For this example we’ve found a raw sounding acoustic drum loop in the Loopcloud sample library and loaded it into the Editor. Hit the FX Edit button to bring up the list of effects, and select the Suck and Pull preset from the Compressor drop-down menu. Now, listen to the difference in the sound of the drum loop with this preset applied – it’s quite dramatic!
The Amount knob is fully cranked on this preset, meaning there is a lot of compression being applied to the sample. And you can hear it too, as all the low level details in the loop are magnified to be consistent with the rest of the drum hits, adding a whole new layer to the sound. Bypass the compressor a few times by hitting the On/Off button, and you can hear how the thin snare sounds of the original have been blown out and beefed up substantially.
Alongside compression, equalization is one of the most fundamental audio processing tools there is. EQing is the main method of shaping sounds, and is essential for creating space in a mix. Digging into a sound and adjusting the volume of its individual frequencies allows you to control its profile, exaggerating what sounds good, playing down what sounds bad, or completely transforming it in creative ways.
Loopcloud’s new EQ unit is a fully parametric four-band equaliser. Each frequency band can be set to a filter, shelf or bell curve, and adjusted using the Frequency, Gain and Q dials, or simply dragging the numbers on the display. Bands can be turned on and off with their green switches.
Filters allow you to cut out everything above or below a certain frequency, and are split into high pass filters (which let anything above a set frequency through) and low pass filters (which let anything below a set frequency pass through). Shelves work in a similar way, but using set amounts of dB boosting instead of a complete cut out. Bell curves boost a frequency at a set point, and can be shaped using the Frequency, Gain and Q dials, which essentially control how wide or narrow the boost or cut is, and therefore how much of the surrounding frequencies are included.
Let’s head into Loopcloud and take a quick look at how all this works in practice. We’ve loaded up a vocal sample from the library in the Editor, and it sounds a bit flat and lifeless. You can EQ any sound, but it’s often with vocals where you hear the most pronounced improvements.
Click on the FX Edit button to bring up the effects section, and hit Add Effect. From here, we can cycle down the dropdown menu to the EQ subcategory, and choose the Add Some Presence preset. As you can see from the screenshot below, a high pass filter has been applied around the 100Hz range, with a bell curve providing a 2.1dB boost around the 3700kHz mark. This cuts out the muddy low end of the vocal and accentuates the higher frequencies, which gives it more clarity and definition.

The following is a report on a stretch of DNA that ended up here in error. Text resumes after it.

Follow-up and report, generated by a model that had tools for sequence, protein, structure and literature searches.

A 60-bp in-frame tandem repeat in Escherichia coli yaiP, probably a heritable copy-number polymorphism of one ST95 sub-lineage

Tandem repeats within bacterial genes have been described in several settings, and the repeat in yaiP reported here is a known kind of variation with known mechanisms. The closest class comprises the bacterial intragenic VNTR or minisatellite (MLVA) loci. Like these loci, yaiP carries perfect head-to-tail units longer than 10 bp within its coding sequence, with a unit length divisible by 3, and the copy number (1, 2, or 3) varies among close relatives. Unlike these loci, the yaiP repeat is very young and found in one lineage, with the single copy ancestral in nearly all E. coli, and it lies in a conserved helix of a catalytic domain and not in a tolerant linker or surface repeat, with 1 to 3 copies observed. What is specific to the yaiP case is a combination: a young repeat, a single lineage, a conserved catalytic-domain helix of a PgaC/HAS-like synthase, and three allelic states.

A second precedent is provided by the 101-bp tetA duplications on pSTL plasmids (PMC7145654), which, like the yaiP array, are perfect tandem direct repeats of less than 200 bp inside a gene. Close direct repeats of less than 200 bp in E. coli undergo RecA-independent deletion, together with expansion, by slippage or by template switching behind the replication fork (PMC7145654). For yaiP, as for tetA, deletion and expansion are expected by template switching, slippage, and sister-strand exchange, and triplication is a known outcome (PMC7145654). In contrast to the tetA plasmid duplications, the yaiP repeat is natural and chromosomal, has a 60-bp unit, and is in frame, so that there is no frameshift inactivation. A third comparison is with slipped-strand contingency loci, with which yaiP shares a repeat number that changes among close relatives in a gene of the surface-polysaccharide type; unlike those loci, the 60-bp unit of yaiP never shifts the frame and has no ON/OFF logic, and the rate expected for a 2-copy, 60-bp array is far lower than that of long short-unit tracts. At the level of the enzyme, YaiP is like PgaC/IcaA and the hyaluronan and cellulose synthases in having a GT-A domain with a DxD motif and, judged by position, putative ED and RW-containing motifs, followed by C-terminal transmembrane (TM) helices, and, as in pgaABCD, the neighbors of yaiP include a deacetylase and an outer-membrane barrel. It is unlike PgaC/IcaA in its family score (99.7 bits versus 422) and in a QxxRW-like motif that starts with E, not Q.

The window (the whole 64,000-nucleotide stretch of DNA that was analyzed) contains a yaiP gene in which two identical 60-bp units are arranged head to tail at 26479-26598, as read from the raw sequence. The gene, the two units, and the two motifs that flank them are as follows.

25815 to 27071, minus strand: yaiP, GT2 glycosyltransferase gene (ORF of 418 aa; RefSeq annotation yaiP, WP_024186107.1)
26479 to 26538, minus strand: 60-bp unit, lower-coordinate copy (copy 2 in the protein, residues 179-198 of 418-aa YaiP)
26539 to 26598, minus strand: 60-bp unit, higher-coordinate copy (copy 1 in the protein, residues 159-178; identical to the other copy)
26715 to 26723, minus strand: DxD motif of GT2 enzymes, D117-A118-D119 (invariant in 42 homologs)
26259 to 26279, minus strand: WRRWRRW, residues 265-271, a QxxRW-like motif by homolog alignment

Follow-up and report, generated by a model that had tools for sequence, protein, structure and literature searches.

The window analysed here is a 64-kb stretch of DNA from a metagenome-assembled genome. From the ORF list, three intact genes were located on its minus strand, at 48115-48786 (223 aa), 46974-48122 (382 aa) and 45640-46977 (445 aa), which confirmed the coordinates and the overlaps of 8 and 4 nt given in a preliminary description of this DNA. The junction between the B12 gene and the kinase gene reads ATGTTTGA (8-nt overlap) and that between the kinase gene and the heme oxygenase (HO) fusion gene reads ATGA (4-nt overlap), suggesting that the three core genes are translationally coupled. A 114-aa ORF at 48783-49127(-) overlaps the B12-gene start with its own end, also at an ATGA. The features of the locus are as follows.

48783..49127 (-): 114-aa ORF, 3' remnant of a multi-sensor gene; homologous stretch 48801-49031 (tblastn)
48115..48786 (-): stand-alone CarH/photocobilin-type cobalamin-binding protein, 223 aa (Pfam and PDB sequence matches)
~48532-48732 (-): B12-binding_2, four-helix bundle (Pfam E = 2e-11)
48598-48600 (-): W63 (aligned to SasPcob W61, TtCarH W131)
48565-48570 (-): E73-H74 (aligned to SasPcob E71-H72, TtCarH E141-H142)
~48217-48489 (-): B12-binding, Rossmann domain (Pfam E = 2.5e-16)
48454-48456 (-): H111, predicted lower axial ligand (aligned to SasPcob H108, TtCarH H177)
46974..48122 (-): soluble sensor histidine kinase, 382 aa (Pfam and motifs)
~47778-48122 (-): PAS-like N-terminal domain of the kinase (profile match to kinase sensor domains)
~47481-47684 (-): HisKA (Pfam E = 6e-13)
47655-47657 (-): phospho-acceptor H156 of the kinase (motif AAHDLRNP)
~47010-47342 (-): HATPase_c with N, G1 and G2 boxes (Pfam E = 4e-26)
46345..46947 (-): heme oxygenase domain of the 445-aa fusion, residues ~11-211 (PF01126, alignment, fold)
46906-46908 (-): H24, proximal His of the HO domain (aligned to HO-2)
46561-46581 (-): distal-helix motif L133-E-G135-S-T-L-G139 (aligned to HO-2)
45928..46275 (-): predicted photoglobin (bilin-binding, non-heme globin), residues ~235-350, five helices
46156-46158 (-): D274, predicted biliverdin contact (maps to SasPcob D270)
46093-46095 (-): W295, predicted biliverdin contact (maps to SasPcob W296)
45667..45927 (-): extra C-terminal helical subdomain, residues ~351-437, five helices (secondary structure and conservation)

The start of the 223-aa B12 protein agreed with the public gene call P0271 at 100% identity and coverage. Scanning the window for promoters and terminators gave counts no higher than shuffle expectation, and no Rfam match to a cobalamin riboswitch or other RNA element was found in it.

Click Export to carry the sample over into your DAW. Remember, you can click the gear icon to access the Export Preferences tab, which allows you to choose exactly which components of your mix in the Editor you want to export, as well as further advanced options like custom folder selection.
If you’re serious about your mixes, you’ll probably be using compression and EQ on most tracks. When you’re working in this way, you need to be conscious of the relationship between the two effects, and not treat either in isolation.
As mentioned before, compression is mostly a volume automation tool, but it does alter the overall tone of the sound as well. Because we instruct the compressor to kick in at certain points of the waveform, it will affect sounds with different frequency profiles differently. Fundamental frequency areas will receive more compression, whereas quieter aspects of the transient and body of the sound will be less affected.
Because of the effect of compression on tone, and vice versa, a common production technique is to add an EQ ahead of the compressor in the signal chain and remove any unwanted frequencies beforehand. This way the compressor can work more efficiently on portions of the sound that do need more attention in the mix. Let’s jump back into Loopcloud to take a look at this in action.
As you can see from the screenshot below, we’ve pulled up an amped electric guitar sample and compressed it quite heavily. The Speed knob is set very fast to catch the plucky transients of the plectrum on the strings, and the Amount knob is cranked for maximum attitude.
Next, place an EQ before the compressor and set it to a high pass filter. Nothing too drastic, just cut off some of the unnecessary low end that isn’t contributing anything to the overall sound. You should notice that the compression response is smoother, because it’s now dealing with a more refined signal.
So, you’ve thrown out all the junk in the sound and handed it over to the compressor to work its magic. The next step is to add a second EQ after your compressor, to boost the frequencies that you want to bring out in the mix without the compressor then taming them. Looking at our signal chain below, you can see that we’ve made a small boost in the 3kHz range, to give the guitar some punch.